What tempo did you have to revert to when flipping your slant and escape?

I ask because after a few forum discussions and some deep analysis, I had to humble myself into realizing that going from DSX to USX was like starting over.

Last night, I tested my tremolo using my most comfortable position and motion and I was doing 16th notes at 270 and it felt calm and relaxed. I think I could have pushed it faster but after 250bpm single notes, it just turns into mush and it’s hard to tell the difference unless you bump the tempo significantly. Even 10 is hard to notice.

When it comes to USX, my most relaxed and comfortable tremolo tempo is about 150, maybe 160 but I noticed that I start to slip back into mostly thumb-index. As significant of a drop that was, to do 2nps across 2+ with the same level of comfort, I’m lucky to hit 120 if I don’t use any sweeps.

So, I decided that later tonight, I’m going start at 100bpm 16th notes and work my through 15-20 exercises that focus specifically on USX. Most of them are in the “Cascade” section and a few are from Ben Eller. Basically, the ones that are actual exercises and not really lick-worthy. I’m going to a few bars of each one and film them. Once I’m able to bump the tempo 10bpm, I’ll film those as well. The only rule is that I have to be able to play all of the exercises at the next tempo, or I stay there. If it takes days, weeks or months… So be it lol

I came here to learn how to EJ. But to hell with him… I’m doing this because I’m fascinated by all of this. This stuff wasn’t around when I was coming up. I’ll be closely documenting this entire process and journey. Being able to play again after almost 2 decades already gave me a chunk of my youth back. This is giving me a little bit more!!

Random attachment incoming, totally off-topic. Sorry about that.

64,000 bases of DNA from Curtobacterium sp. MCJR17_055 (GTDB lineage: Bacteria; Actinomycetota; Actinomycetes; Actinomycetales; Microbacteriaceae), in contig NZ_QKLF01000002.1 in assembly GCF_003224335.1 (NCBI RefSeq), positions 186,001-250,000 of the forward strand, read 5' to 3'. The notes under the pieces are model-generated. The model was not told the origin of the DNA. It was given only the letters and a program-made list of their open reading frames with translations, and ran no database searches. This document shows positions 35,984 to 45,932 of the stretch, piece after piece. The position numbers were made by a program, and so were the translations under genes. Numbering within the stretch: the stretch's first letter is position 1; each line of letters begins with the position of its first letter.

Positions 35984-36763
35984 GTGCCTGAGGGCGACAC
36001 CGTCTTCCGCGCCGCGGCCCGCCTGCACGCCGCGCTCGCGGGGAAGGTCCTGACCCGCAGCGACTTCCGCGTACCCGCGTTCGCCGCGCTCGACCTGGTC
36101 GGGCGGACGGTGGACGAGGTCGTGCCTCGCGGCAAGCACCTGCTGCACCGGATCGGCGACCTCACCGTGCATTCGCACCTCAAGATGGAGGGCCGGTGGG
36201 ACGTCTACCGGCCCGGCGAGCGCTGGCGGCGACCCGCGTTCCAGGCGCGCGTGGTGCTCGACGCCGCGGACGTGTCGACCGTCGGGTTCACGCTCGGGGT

1 Like

I think this may be harmful than beneficial, you’re more liking to just ingrain bad technique with this approach. Start at least between 170-180bpm 16th notes on one string, get comfortable with it and slowly add phrases that span more strings over time.

I learnt both my working motions at these speeds because the speed demanded an efficient motion, nothing else would work. The chances you will find a super fast motion at 100bpm 16th notes have got to be close to nil, your body has no need to produce any type of efficiency at that speed!

Also, why do you want to develop USX when your DSX is insanely fast? As someone who started out USX it really felt like I was USX in a DSX world, after making the switch it feels like 90% of rock guitar vocabulary makes sense now! :sweat_smile:

You really think so? I don’t know either way, so I’m actually asking lol I want to put as little stress on my hands as possible so that’s my thought process with this, but I might be wrong. I’ll still work on the tremolo at a higher speeds so I’m needing to bump that up as well.

I played all of the shows and did all of the tours I’m ever going to and have no desire to do either again. But the thrill I get from being able to learn a new solo or what have you is better than I got from those anyway. I’m an avid gamer (or at least I was and will be again whenever Naughty Dog puts out a new game or The Division 3 comes out, hahaha) and I always loved trying to play the toughest parts of some games. This is a lot like that, but much more meaningful. I have no desire to play USX at the same tempo, but goddammit, I’m going to play Desert Rose and All About You at full tempo flawlessly at least once if it kills me lol

1 Like

I love that attitude!

And this one too lol!

Also just a general +1 on @Jacklr’s advice. He’s successfully learned several motions that weren’t his “originally learned” motion and in pretty short order.

Definitely been my experience, felt like I wasted so many years doing this sort of thing! Troy has a great couple of videos on this subject:

Fair enough, I understand this sort of mindset. If all I wanted to do was play music designed for USX then it would make sense to focus on that instead of reconfigure everything, though you definitely could :slight_smile:

I’m not doubting you in the slightest, but I’d love to see this. That’s an uncommon speed, especially relaxed.

As for the USX pursuit, honestly if you’re dead set on it, I’d try to get a very different motion from what you’ve been doing going on. Pure rotation, EVH style… something that’s far away from the hardwired DSX technique. Something that will definitely be USX, and then once you get that, you can try it from more of a wrist motion.